The National Association of State Chief Information Officers released its annual State CIO Top 10 Priorities list Wednesday. The list seldom surprises and this year is no different, with cybersecurity, digital government, cloud services and consolidation occupying the top four slots, though a closer look reveals a shift in mindset among state CIOs.
Small movements and one new addition to the 2020 list — which takes it rankings from NASCIO’s state technology leader polling data — indicate that CIOs are settling into their roles as integral business leaders and thinking more about the future. This trend is demonstrated most clearly through the introduction of a new item emerging at No. 10: “Innovation and Transformation through Technology.”
“I definitely thought it was interesting that innovation was on there for the first time,” said Meredith Ward, NASCIO’s policy and research director. “I really like the phrase ‘drive a culture of innovation.’ CIOs are looking ahead to what the next thing is they’re having to face.”
The reappearance of “legacy modernization” this year, after falling from the list in 2018, might also indicate that CIOs are now more heavily evaluating their capabilities using their existing technology and thinking about what new emerging technologies they will need, Ward said.
“Are they able to be as proficient and efficient with legacy systems?” Ward said.
The role of the state CIO has in recent years shifted away from that of a back-office fix-it person to that of a business leader who — to use a favorite NASCIO phrase — “brokers” relationships and transactions between a growing host of vendors, customer agencies and other constituencies.
“It’s the progression toward ‘we need someone who understands the business risk and the business cases,’” Ward said. “A lot of people have this image of ‘oh this is the person who comes to fix my computer,’ but that’s not who the CIO is.”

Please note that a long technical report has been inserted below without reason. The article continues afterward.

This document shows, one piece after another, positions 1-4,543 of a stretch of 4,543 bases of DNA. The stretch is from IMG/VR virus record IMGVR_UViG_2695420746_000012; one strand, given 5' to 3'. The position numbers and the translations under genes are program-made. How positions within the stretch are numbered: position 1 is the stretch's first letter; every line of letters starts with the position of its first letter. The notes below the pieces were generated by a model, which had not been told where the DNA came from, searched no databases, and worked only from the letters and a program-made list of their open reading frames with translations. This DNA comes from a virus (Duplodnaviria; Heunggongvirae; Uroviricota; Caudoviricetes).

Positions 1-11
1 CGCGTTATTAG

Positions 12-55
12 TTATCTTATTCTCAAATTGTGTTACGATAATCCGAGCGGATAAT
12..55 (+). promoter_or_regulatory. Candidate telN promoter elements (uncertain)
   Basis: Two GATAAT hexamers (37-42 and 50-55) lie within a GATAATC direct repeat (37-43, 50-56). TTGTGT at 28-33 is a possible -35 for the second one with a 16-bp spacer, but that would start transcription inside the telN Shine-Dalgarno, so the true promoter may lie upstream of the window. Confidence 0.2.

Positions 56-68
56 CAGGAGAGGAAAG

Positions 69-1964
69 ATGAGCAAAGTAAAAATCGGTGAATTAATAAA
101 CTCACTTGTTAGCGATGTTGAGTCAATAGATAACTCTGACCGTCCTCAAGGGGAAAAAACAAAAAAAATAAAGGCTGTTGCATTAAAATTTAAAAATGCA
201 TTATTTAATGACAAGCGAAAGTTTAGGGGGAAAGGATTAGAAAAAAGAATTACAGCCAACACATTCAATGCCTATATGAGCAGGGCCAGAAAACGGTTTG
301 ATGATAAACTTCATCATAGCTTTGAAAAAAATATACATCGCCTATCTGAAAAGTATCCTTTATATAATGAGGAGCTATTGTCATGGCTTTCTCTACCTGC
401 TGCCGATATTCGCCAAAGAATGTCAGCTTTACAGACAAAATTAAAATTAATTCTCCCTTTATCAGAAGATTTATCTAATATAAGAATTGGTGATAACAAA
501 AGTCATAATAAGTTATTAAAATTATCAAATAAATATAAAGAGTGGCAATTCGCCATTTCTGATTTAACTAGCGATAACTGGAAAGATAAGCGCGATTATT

The rise of customer relationship management from the No. 7 to the No. 5 slot is reflective of this trend, indicating an increased need to manage relationships and raise customer satisfaction. Delaware CIO James Collins, NASCIO’s 2018-19 president, placed a heavy emphasis on CRM, which may also account for that movement, Ward said. (NASCIO’s current president is North Carolina CIO Eric Boyette.)
Those paying especially close attention to NASCIO’s list will observe that cybersecurity is now called “Cybersecurity and Risk Management,” rather than “Security and Risk Management” as it had been labeled on past lists. This doesn’t mean much other than an attempt to update to more commonly used terminology, Ward said, but noted that its presence at the top of the list for the seventh consecutive year is unlikely change anytime soon.
“If anyone says ‘we’ve got cybersecurity figured out, we’ve got this,’ someone will come up with something else,” Ward said. “I’m not sure cybersecurity ever will fall from No. 1.”
NASCIO’s State CIO Top 10 Priorities 2020 Strategies, Policy Issues and Management Processes:
- Cybersecurity and Risk Management
- Digital Government
- Cloud Services
- Customer Relationship Management
- Budget, Cost Control, Fiscal Management
- Legacy modernization
- Data Management and Analytics
- Broadband/Wireless Connectivity
- Innovation and Transformation through Technology
NASCIO’s State CIO Top 10 Priorities 2020 Technologies, Applications and Tools:
- Cloud Solutions
- Legacy Application Modernization/Renovation
- Data Analytics
- Security Enhancement Tools
- Identity and Access Management
- Collaboration Technologies
- Artificial Intelligence/Robotic Process Automation
- Data Management
- Enterprise Resource Planning (ERP)
- Public Safety Radio Network